Use ipset and iptables to block traffic

Here’s how you can block traffic coming from an IP address, list of IP addresses, full networks or even entire country blocks. I’m working on Debian 7 x86 server so adapt the commands to your distro of choice.

1 – Install ipset, for command references check

2 – Setup your sets! Sets are basically lists, you can single IP addresses or you can add blocks of IP addresses to these lists, in this case I’m creating a list to support entire blocks (x.x.x.x/yy form). If you need to create a set to support individual IPs use the hash:ip option.

(I have to clarify, I have nothing against China as a country, but I’m using this block mainly because my IDS logs show a great deal of traffic coming from Chinese networks)

3 – Setup the rules in iptables. This is basically how I do it, I create a new chain called blocked_traffic, I add a single rule to DROP everything on that chain (so everything that ends up in that chain will get dropped) then I add some JUMP rules to the INPUT chain so everything that match my sets (created by ipset) will automatically JUMP to the chain blocked_traffic and disappear inside the iptables black hole.

the reason I send them to another chain and then I drop them is because you may want to do something latter with that traffic, perhaps move that traffic to another interface, redirect them to another server, or whatever you’d like to do. If you just want that traffic to go away and you’re not interested in doing anything to it you could just do iptables -A INPUT -m est –match-set chine src -j DROP but I like using extra chains as I may find a good use for that traffic at some point, maybe redirect them to a honeypot? who knows.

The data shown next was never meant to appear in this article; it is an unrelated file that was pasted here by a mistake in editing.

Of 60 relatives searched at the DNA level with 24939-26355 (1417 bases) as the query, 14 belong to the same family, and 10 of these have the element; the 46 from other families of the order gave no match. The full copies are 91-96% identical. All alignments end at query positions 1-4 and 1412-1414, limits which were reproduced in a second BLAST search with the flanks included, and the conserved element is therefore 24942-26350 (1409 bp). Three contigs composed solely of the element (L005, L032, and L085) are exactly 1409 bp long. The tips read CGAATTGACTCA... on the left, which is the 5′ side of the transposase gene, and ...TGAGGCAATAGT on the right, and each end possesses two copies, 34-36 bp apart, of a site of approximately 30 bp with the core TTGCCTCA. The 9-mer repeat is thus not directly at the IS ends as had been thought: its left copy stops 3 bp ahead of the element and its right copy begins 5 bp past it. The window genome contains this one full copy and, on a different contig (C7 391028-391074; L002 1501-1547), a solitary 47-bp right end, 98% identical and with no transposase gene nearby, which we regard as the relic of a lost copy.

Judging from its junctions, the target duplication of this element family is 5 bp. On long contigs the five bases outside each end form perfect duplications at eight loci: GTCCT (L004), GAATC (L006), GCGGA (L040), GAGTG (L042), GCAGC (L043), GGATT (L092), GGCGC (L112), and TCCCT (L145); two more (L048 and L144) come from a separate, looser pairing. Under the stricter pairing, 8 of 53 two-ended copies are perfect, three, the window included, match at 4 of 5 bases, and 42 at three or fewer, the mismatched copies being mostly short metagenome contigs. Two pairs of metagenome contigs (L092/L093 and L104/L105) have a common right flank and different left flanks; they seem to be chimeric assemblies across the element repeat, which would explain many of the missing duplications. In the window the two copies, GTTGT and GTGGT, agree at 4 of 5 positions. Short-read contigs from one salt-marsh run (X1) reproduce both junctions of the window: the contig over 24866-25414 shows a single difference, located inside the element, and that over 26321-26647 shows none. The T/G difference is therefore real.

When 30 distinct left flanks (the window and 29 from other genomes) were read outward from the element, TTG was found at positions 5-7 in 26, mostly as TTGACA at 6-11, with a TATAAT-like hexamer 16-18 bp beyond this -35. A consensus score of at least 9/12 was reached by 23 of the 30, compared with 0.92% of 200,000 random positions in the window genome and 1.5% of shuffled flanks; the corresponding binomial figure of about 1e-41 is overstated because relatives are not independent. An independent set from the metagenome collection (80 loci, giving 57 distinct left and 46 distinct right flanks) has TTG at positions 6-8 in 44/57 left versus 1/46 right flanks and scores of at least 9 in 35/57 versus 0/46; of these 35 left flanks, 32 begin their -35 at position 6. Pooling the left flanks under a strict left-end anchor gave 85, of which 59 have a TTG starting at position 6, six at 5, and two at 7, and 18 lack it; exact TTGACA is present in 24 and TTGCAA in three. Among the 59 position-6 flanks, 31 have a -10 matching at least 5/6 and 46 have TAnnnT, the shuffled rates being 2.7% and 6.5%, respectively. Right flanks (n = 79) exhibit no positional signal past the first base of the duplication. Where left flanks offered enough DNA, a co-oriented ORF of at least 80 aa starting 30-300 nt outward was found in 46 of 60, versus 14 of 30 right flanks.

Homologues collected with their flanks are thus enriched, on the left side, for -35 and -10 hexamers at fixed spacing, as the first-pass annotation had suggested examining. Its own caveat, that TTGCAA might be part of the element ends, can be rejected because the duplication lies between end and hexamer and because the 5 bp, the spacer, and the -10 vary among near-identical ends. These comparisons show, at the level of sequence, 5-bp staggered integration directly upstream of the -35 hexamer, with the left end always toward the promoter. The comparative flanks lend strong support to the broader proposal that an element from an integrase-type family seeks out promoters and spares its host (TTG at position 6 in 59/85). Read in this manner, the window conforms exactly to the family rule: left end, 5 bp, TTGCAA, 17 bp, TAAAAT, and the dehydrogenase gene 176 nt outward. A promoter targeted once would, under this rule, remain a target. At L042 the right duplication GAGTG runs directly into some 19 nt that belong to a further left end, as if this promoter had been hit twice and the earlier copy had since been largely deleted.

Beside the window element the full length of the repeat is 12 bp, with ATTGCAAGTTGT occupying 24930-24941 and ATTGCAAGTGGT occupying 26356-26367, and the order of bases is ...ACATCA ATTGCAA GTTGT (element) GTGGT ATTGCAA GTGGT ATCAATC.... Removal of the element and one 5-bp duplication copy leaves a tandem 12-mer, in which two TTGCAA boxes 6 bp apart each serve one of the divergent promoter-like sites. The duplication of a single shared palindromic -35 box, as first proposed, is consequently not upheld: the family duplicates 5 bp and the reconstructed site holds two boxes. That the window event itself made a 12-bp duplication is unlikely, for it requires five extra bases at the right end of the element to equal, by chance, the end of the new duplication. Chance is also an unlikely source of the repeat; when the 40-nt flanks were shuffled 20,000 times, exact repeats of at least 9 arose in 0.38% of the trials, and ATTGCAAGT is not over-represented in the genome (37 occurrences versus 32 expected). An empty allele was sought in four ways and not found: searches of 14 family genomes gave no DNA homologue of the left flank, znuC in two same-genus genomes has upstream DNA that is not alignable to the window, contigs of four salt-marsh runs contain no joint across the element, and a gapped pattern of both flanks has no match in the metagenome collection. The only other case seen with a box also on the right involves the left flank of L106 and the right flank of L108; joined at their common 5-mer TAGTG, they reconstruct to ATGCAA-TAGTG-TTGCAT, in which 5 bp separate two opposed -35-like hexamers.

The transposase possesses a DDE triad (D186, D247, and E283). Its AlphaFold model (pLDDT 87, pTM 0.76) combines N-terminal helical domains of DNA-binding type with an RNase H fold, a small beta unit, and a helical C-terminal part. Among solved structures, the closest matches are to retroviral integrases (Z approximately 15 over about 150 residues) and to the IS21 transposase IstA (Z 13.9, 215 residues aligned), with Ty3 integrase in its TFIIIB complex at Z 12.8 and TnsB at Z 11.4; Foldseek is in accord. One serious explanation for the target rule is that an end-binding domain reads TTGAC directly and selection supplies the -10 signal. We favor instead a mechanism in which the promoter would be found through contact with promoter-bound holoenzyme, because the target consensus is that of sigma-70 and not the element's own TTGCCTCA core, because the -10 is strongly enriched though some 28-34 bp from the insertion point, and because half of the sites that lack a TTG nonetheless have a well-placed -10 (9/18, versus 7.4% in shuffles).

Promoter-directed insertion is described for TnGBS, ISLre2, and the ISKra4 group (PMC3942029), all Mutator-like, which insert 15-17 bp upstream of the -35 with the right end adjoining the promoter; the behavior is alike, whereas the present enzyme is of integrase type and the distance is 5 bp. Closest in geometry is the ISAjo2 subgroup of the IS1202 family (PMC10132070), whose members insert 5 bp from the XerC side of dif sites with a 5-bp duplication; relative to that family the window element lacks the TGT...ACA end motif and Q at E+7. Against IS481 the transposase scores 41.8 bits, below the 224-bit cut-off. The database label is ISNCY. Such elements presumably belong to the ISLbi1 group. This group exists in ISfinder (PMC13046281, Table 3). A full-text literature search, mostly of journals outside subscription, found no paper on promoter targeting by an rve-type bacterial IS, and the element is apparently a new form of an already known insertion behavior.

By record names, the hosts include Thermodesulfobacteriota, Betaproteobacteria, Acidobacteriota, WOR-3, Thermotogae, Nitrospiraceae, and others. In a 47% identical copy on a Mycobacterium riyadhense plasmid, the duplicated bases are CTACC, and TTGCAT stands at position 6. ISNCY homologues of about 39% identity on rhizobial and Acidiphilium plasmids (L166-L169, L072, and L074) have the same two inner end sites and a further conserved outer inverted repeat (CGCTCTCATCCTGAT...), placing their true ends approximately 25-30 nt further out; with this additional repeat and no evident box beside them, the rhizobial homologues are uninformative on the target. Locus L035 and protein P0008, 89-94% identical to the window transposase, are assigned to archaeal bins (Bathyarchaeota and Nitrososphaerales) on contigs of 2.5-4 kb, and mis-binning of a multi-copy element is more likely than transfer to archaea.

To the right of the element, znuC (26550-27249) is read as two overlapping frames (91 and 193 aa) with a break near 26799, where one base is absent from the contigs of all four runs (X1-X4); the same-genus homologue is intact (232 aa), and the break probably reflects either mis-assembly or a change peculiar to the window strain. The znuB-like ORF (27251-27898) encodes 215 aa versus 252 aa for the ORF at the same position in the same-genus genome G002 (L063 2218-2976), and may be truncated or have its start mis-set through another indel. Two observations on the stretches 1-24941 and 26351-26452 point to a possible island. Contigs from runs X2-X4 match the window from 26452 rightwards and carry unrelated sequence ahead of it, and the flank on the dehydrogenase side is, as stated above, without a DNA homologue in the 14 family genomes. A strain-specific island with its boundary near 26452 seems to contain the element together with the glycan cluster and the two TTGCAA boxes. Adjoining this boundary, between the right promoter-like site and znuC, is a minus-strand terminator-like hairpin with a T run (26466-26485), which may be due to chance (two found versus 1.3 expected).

4 – Right now nothing is being blocked as nothing match the ipset rules, of course we haven’t put any network addresses  or IP addresses there! let’s add some spammers or port scanners to those lists…

5 – Saving the config. As of now you’re blocking the traffic with those lists and everything works perfectly fine but if you decide to reboot your server all those rules will be gone! ipset doesn’t save the config automatically  so you have to restore it (much like iptables-restore). Another tricky part is that ipset needs to start and restore the config BEFORE iptables restores its own rules otherwise iptables will fail to restore its config as those rules (remember we added iptables rules dropping the sets) will not exist until ipset restore its config. Just add the restore command for ipset to whatever script you use to restore iptables BUT put that before iptables-restore.


We’re done! now you have multiple IP addresses and network traffic blocked on your server.

The only question left though is: how do you know which IP block belongs to which country? well, you can check that since it’s publicly available on the corresponding organization responsible for distributing those IP blocks, for example here at you can find the ones on Asia-Pacific networks. Soon I’ll be writing another blog post on how to extract those addresses and how to use them on a script so stay tuned.


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